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318          MY    COUNTRY    AND    MY    PEOPLE

we have not discovered and will not eat is cheese. The Mongols
could not persuade us to eat cheese, and the Europeans do not
have a greater chance of doing so.

It is useless to use logical reasoning in the matter of our food,
which is determined by prejudices. On both sides of the Atlan-
tic Ocean two shellfish are common, the soft-shelled clam,
Mja ar€naria9 and the edible mussel, Mjtilus edulis. The species
of these two molluscs are the same on both sides of the water.
In Europe, mussels are eaten freely, but not clams, while the
reverse is the case on the American side, according to the
authority of Dr. Charles W. Townsend (Scientific Monthly>,
July, 1928). Dr. Townsend also mentions the fact that floun-
ders fetch high prices in England and in Boston but are con-
sidered "not fit to eat" by Newfoundland villagers. We eat
mussels with the Europeans and eat clams with the Americans,
but we don't eat oysters raw as the Americans do. It is useless,
for instance, for anybody to convince me that snake's meat
tastes like chicken. I have lived in China forty years without
eating a snake, or seeing any of my relatives do so. Tales of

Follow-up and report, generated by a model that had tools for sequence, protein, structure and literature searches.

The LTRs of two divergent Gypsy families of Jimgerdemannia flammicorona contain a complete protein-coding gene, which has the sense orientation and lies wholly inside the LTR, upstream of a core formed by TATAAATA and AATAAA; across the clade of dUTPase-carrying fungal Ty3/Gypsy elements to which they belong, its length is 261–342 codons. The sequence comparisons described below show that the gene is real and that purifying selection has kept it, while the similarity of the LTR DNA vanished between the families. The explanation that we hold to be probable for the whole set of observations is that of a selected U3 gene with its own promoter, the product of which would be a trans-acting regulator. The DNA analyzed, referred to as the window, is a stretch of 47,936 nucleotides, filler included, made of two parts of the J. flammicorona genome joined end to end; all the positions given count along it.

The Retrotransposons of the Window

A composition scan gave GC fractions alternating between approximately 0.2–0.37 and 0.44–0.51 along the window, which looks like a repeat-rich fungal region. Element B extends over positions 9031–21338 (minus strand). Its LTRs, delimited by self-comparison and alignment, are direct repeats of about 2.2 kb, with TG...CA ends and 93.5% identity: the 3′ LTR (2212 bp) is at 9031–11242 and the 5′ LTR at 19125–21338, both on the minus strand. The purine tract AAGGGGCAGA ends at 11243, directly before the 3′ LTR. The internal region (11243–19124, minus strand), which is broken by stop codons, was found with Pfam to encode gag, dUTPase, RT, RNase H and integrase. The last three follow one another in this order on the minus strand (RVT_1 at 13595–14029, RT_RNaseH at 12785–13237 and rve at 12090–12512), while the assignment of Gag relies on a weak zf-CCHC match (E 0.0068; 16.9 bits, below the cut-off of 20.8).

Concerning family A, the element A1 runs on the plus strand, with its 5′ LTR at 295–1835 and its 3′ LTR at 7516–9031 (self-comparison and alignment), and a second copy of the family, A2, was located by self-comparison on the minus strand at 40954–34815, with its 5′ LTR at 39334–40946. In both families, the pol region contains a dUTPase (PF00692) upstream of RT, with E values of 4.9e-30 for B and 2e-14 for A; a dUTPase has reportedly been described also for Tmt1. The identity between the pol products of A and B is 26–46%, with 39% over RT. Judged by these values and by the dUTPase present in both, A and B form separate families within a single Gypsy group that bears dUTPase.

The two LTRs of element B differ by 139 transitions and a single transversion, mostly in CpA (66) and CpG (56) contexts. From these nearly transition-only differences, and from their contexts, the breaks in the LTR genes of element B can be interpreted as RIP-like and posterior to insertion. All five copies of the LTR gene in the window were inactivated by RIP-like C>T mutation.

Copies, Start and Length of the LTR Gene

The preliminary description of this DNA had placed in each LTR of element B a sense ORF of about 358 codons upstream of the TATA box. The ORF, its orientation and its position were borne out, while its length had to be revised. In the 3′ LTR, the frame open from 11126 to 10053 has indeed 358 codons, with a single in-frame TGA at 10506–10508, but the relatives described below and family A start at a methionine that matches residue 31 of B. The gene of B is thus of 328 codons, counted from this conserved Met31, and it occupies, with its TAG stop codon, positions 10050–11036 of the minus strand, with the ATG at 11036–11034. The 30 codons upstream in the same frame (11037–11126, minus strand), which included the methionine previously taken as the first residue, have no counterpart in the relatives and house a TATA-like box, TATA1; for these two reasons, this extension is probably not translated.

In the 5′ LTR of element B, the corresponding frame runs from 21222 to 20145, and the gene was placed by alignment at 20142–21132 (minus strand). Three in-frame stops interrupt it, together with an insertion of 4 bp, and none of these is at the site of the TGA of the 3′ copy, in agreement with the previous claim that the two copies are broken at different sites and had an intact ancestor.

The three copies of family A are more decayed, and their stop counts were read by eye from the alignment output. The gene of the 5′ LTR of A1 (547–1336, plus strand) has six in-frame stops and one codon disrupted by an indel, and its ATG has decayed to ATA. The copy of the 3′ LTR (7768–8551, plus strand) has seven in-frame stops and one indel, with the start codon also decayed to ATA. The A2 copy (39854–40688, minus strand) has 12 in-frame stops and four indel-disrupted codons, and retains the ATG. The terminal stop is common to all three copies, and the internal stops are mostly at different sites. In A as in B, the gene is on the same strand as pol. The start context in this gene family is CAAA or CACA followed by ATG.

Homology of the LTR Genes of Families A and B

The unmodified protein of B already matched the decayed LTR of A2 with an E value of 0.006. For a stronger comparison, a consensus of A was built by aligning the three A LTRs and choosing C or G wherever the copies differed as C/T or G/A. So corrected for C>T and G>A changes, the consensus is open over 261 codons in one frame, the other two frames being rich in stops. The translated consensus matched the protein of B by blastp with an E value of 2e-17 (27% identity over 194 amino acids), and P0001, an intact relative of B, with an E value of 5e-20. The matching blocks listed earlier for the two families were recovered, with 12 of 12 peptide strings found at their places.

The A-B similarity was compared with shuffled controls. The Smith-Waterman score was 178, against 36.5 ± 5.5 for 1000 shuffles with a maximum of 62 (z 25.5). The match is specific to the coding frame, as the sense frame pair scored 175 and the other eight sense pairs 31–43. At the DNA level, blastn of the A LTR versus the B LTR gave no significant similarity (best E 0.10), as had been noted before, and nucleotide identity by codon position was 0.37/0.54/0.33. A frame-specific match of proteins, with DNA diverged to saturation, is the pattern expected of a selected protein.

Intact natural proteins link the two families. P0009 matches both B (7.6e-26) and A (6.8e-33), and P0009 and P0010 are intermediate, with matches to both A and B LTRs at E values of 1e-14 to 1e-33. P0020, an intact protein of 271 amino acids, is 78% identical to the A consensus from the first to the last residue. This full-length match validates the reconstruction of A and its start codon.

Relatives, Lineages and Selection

eating snakes travel faster than tales of eating chicken, but
actually we eat more chickens and better chickens than the
white people, and snake-eating is as much a curiosity to the
Chinese as it is to the foreigners.

All one can say is that we are very catholic in our tastes, and
that any rational man can take anything off a Chinese table
without any qualm of conscience. What famine dictates is not
for us human mortals to choose. There is nothing that a man
will not eat when hard pressed by hunger. And no one is
entitled to condemn until he knows what famine means. Some
of us have been forced in times of famine to eat babies—and
even this must be humanly rare—but, thank God, we do not
eat them raw as the English eat their beef!

If there is anything we are serious about, it is neither religion
nor learning, but food. We openly acclaim eating as one of
the few joys of this human life. This question of attitude is
very important, for unless we are honest about it we will never
be able to lift eating and cooking into an art* The difference
of attitude regarding the problem of food is represented in
Europe by the French and the English. The French eat